All About Barnwood
As sustainability becomes intertwined with home design, and as wood becomes a more precious resource, finding ways to use reclaimed wood is becoming extremely popular. One source of old wood is barns: this barnwood offers a unique look and feel that designers and homeowners love. Best of all, it’s sturdy, green, and utterly unique.
What Is Barnwood?
Barnwood is just what it sounds like: reclaimed wood that comes from old barns. When barns are too damaged to repair, or new homeowners want to dismantle old barns on their property, instead of trashing the wood, it can be sold or used in interior design projects. DIY experts may grab barnwood straight from an old barn and turn it into a great interior design project. Homeowners and farmers may also sell that old wood to companies, who reclaim it and turn it into gorgeous hardwood or engineered wood flooring options.
Barnwood ties directly into several recent design trends. It’s a sustainable wood product that plays into upcycling and reclaiming, great for eco-friendly hardwood floors. The wood also has an old, unfinished look that is a staple of the industrial, shabby-chic look that’s been gaining traction. Barnwood represents many wood species, since each barn is different. You may end up with gorgeous reclaimed pine, cherry, walnut, chestnut, or something else entirely!
Barnwood flooring with varying plank lengths will create a wonderfully authentic rustic feel in your interior. Barnwood looks lovely with a number of interior design schemes and colors; the variety gives you many options, from contrasting wood grain to degrees of weathering. A narrow barn plank offers a traditional feel for your flooring, perfect if your design has Victorian or Edwardian elements. Wider planks look more modern, and compliment exposed brick walls and burnished metal fixtures.
The Reclaimed Wood Trend
Crafting DIY furniture out of wood pallets has been an interior design trend for several years now, which opened the door to many reclaimed wood sources getting a second life as chic new design options. Barnwood is popular because it’s versatile: the length of the planks makes them useful for all sorts of design situations, whether they’re siding on a house, hardwood floor, tables, chairs, or other furniture. Barnwood even makes lovely accent walls.
Because barns had to be sturdy and stand through seasons and weather changes, the wood is strong, good quality you can be confident using in your home. Some of the barns providing barnwood are decades — or even a century — old. With the sustainability trend meeting the industrial, weathered trend, barnwood has become the perfect option for homeowners and design enthusiasts. The weathering and character found in barnwood is unparalleled; even the best designers can’t recreate every nuance of barnwood. The result is an authenticity that people adore.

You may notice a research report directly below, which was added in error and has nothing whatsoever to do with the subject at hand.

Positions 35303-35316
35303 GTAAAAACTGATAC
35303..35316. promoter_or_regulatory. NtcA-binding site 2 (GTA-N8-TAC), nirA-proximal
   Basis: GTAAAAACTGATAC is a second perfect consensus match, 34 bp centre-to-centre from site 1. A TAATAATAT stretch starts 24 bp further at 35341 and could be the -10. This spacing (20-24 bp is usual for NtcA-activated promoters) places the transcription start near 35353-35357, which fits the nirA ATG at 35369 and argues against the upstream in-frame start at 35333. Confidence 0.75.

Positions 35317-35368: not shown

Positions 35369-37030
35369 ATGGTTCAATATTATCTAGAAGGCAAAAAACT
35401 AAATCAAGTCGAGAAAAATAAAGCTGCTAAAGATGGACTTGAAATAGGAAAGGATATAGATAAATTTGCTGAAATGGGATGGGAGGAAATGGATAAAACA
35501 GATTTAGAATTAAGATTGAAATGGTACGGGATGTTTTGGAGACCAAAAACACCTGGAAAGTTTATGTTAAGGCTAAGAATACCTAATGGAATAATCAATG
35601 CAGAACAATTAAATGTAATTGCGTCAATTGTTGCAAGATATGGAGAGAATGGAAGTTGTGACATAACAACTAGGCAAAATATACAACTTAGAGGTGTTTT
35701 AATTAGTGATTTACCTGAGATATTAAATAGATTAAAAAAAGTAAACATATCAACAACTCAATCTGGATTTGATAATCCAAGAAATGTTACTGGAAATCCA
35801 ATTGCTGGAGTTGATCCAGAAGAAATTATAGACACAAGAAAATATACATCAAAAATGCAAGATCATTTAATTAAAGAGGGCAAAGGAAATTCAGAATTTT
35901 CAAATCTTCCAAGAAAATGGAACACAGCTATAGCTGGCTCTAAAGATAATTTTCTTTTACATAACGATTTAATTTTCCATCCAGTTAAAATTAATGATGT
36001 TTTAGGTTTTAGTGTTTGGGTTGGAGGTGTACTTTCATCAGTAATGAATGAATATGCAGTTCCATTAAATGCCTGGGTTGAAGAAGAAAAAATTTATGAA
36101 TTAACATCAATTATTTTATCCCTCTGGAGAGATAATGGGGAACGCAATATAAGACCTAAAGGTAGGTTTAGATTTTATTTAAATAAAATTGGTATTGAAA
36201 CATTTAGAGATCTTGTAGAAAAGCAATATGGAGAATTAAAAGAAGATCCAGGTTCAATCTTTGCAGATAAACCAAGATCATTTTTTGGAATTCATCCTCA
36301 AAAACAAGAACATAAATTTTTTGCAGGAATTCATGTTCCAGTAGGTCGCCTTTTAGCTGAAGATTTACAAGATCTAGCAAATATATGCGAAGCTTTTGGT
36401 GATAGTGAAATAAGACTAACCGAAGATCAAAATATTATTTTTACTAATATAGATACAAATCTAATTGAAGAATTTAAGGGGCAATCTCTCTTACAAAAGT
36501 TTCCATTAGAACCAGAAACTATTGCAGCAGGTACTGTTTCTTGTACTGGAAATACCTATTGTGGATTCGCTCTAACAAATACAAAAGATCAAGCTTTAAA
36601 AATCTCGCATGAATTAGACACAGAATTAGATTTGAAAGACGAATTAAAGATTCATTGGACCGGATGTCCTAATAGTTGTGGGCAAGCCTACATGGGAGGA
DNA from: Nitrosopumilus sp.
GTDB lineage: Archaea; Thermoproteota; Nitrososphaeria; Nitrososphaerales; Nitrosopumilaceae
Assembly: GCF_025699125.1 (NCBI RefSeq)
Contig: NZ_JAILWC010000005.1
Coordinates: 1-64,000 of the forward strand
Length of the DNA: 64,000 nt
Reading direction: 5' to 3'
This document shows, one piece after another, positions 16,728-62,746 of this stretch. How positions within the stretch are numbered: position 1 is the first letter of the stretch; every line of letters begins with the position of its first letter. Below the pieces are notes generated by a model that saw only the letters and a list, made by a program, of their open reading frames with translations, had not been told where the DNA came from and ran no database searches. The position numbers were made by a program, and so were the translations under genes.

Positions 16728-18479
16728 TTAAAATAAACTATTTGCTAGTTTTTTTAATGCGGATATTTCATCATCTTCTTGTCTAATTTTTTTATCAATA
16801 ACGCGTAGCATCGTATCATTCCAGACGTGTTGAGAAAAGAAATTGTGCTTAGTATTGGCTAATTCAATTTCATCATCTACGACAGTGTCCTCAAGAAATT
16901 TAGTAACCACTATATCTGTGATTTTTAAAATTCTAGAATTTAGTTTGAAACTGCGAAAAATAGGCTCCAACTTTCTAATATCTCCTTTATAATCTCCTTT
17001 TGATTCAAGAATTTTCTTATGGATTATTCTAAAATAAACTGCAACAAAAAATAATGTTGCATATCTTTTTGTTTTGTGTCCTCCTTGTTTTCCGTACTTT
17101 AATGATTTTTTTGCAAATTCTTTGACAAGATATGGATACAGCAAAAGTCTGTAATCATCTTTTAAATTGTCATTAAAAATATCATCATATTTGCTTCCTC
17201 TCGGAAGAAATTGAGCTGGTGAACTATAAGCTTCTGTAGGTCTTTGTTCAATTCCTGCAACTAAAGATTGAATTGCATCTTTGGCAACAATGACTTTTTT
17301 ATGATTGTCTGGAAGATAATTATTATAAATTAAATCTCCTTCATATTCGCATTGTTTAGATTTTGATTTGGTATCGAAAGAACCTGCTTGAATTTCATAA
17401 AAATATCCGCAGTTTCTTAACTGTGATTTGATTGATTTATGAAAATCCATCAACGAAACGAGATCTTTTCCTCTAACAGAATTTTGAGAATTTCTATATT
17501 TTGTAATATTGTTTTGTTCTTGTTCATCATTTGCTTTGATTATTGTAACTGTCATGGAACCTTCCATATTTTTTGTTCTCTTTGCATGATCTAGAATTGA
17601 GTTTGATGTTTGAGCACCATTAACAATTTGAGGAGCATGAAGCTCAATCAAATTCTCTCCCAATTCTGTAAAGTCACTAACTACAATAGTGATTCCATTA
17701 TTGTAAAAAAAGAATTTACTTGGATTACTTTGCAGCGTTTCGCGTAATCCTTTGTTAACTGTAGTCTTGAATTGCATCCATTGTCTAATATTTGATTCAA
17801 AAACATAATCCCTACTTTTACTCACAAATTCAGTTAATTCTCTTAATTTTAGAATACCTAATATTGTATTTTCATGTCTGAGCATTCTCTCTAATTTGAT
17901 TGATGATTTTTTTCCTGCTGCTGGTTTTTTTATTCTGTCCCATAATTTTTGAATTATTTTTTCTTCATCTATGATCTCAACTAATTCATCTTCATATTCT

Unfortunately, barnwood is so popular some people are breaking into private barns, removing beams of wood, and selling it to flooring companies, who don’t know the wood is stolen. When you invest in buying barnwood, either buy it directly from the barn’s owner, or ask your flooring source where their reclaimed wood comes from.
Accenting With Barnwood
The reclaimed wood trend has inspired designers and homeowners to get creative with accent walls. In contemporary and industrial design schemes, wood planks as accent walls are a huge hit. They bring earth tones to the room while offering an unexpected pop of texture. Accent walls crafted of barnwood capture the eye and continue to surprise, because of the amount of character you find in each plank of barnwood.
When creating an accent wall out of wood, you don’t need planks as thick or sturdy as those you use for flooring. They don’t need to bear any weight, and you can attach them directly to drywall with nails or glue, depending on your DIY preference and your specific interior circumstances. When installing a barnwood accent wall, you have a few things to think about: do you want your planks to run horizontally or vertically? Horizontal is more common, but you get to choose whatever you fancy! Also remember to vary the spots where the short ends of the planks meet, so you don’t create a seam down your wall.
By the way, if you want to cheat and go for paneling or a laminate to make things easier on yourself, you can find barnwood tile and wall paneling that will add that pop of unfinished wood to your interior.
Your barnwood accents may be tables, chairs, foot rests, storage chests, or even artwork. Using distressed wood to create centerpieces in your home, such as a dining room table, a kitchen island, or a coffee table, is a new sustainable trend that people love. The best part? Because reclaimed wood looks so different, and because many of these pieces are customized, you can follow the trend without dooming your interior to be out of style in a few years, or without copying everyone else who’s already done it.
Creating Barnwood Siding
Distressed wood looks stunning on the exterior of your home, too. Barnwood siding turns your house into a rustic paradise. Though the wood may be called “antique,” you know it can handle anything the seasons throw at it, because it’s been part of a sturdy barn for years and years. How rustic it looks is up to you: go for true barn siding by using barnwood that’s barely been treated and revel in the color differentiation and the look of the old wood. Or, choose barnwood with a bit more shine to it for the updated take on a chic log cabin.
Barnwood looks good in new spaces and in old homes. Because it’s such a versatile option, you can find a way to use it with almost any existing interior space. Because every barn is different, you know your barnwood flooring, accents, or siding will be totally unique. Are you ready to remodel with some barnwood?